What Is a Credit Score, and How Is It Calculated?


If you’re navigating the maze of personal finance, there’s a good chance that you’ve run into the importance of your credit score.

You might also have wondered where those seemingly random, incredibly important three numbers come from. What does your credit score mean, and how do credit bureaus calculate a three-digit reflection of your entire financial story? 

Today, we’ll cut through the noise and untangle the mystery behind credit scores.

What is a credit score?

A credit score is a quick way for financial institutions to assess someone’s trustworthiness as a borrower. It’s a one-glance financial report card that helps people understand whether you’re diligent about paying bills on time and managing your existing credit wisely. 

Credit scores range from 300-850. The higher your credit score, the better. When you have a higher score, you’ll have an easier time getting loans and lower interest rates to fund big projects and life goals. 

So far, so good—but that doesn’t explain how your credit bureau arrived at your specific number. 

The factors fueling your credit: How is a credit score calculated? 

Many factors—ranging from your payment history to your credit utilization rate—influence your credit score. Some factors boost your score, and others may take it down a notch. 

Not all of these factors are weighed equally. There are companies out there that compile all of the above information about you before using credit scoring models to determine your credit score. 

The two prominent companies that do this, FICO and VantageScore, each have a slightly different scoring system. This means you may have a slightly different credit score at each. 

Let’s take a quick look at the priorities established by the two major scoring models.

The Ingredients of Your Credit Score

Deciphering your credit card score can feel like unearthing a secret recipe. 

Here are the main components that determine credit scores and how FICO and VantageScore weigh each component: 

1. Your Payment History

If you have a history of punctual bill payments, great—you’ll score more in this category. Any late payments could hurt your credit in this area.

FICO weighs payment history as 35% of your score. VantageScore’s system assigns it a weight of 41%, meaning that your overall payment history accounts for a little less than half of your credit score calculation. 

2. Your Credit Utilization

Keeping your balance-to-limit ratio across your cards at or below 30% will help you ensure healthy credit. FICO weighs credit utilization as 30% of your score, and VantageScore weighs it at 20%.

3. The Length of Your Credit History

Time tells a critical tale when it comes to credit. If you have long-standing credit accounts, that can indicate more experience with credit—and, possibly, more thoughtful use.

FICO weighs credit history length as 15% of your score, and VantageScore gives it a weight of 20%. This means credit history length isn’t as big of a deal as getting your payments in on time, but opening new credit accounts and decreasing the average age of your credit can have an effect on your score.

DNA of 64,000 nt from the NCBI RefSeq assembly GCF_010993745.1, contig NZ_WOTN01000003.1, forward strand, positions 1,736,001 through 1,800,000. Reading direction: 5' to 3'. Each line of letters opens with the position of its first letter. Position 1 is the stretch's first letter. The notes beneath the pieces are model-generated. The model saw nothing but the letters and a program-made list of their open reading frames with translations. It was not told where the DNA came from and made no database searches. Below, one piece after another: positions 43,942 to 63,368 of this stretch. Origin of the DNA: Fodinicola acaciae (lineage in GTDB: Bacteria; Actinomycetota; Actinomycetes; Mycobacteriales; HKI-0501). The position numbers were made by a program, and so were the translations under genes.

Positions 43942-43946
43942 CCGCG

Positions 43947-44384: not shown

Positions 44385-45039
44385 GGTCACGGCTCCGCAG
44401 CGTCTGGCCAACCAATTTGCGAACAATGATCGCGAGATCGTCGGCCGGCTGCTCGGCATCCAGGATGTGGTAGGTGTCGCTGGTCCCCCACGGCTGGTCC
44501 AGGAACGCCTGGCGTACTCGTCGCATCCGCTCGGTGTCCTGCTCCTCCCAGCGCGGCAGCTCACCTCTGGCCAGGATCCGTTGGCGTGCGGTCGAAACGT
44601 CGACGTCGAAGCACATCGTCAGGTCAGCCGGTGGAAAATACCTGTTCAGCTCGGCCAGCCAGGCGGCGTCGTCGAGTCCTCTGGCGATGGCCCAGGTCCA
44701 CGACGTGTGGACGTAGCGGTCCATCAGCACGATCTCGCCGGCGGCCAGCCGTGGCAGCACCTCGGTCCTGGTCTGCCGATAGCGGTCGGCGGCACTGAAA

4. The Types of Credit You've Used

Demonstrated experience with several types of credit can paint a picture of financial wisdom and experience. Having more diverse types of credit, from cards to mortgages, can boost your score.

FICO weighs types of credit used as 10% of your score; VantageGuard weighs the age and mix of your types of credit together at 20%.

5. The Credit Inquiries You've Accrued 

If a lot of different people or financial institutions are running checks on your credit, that can cause slight alarm for credit scoring models. For the most part, this is limited to “hard” inquiries, such as the types of formal credit checks that are included with loan applications. “Soft” inquiries, such as self-checks, shouldn’t reduce your score.

FICO weighs new credit checks as 10% of your score, while VantageScore weighs new credit at 11%. This isn’t as influential as payment history for either model, but it’s still worth keeping tabs on.

In addition to these five factors, VantageScore considers two extra ones: your credit balance (which it weighs at 6%) and your available credit (2%). This information can give VantageScore’s model extra details about your responsible credit use and overall financial acumen. 

One More Thing: Understanding Score Fluctuations

Your credit score isn't static—it’ll change in response to your financial behaviors and credit use patterns over time. 

This isn’t a bad thing. It’s expected. Seasonal factors, such as heavy holiday shopping, often come with temporary dips. 

Remember this: Establishing consistent financial habits can help you shape your credit score over the long term. Understanding the above credit score factors can help you determine the best way to move the needle for yourself and invest in habits that help you build a great credit score. Knowing how to check your credit score also helps. Check out this guide for more details.  

Need support navigating your unique financial landscape?

Understanding credit scores can be both tricky and overwhelming. And it can feel odd to see your entire nuanced financial history boiled down to three digits. 

At iQ, we understand that to you, your credit score is far more than just a number. We’re here to give you the tools and resources you need to build a bright financial future. Want to uncover more details about your credit and how to wield it well? Check out our must-read guide on developing healthy financial habits.


Subscribe Here!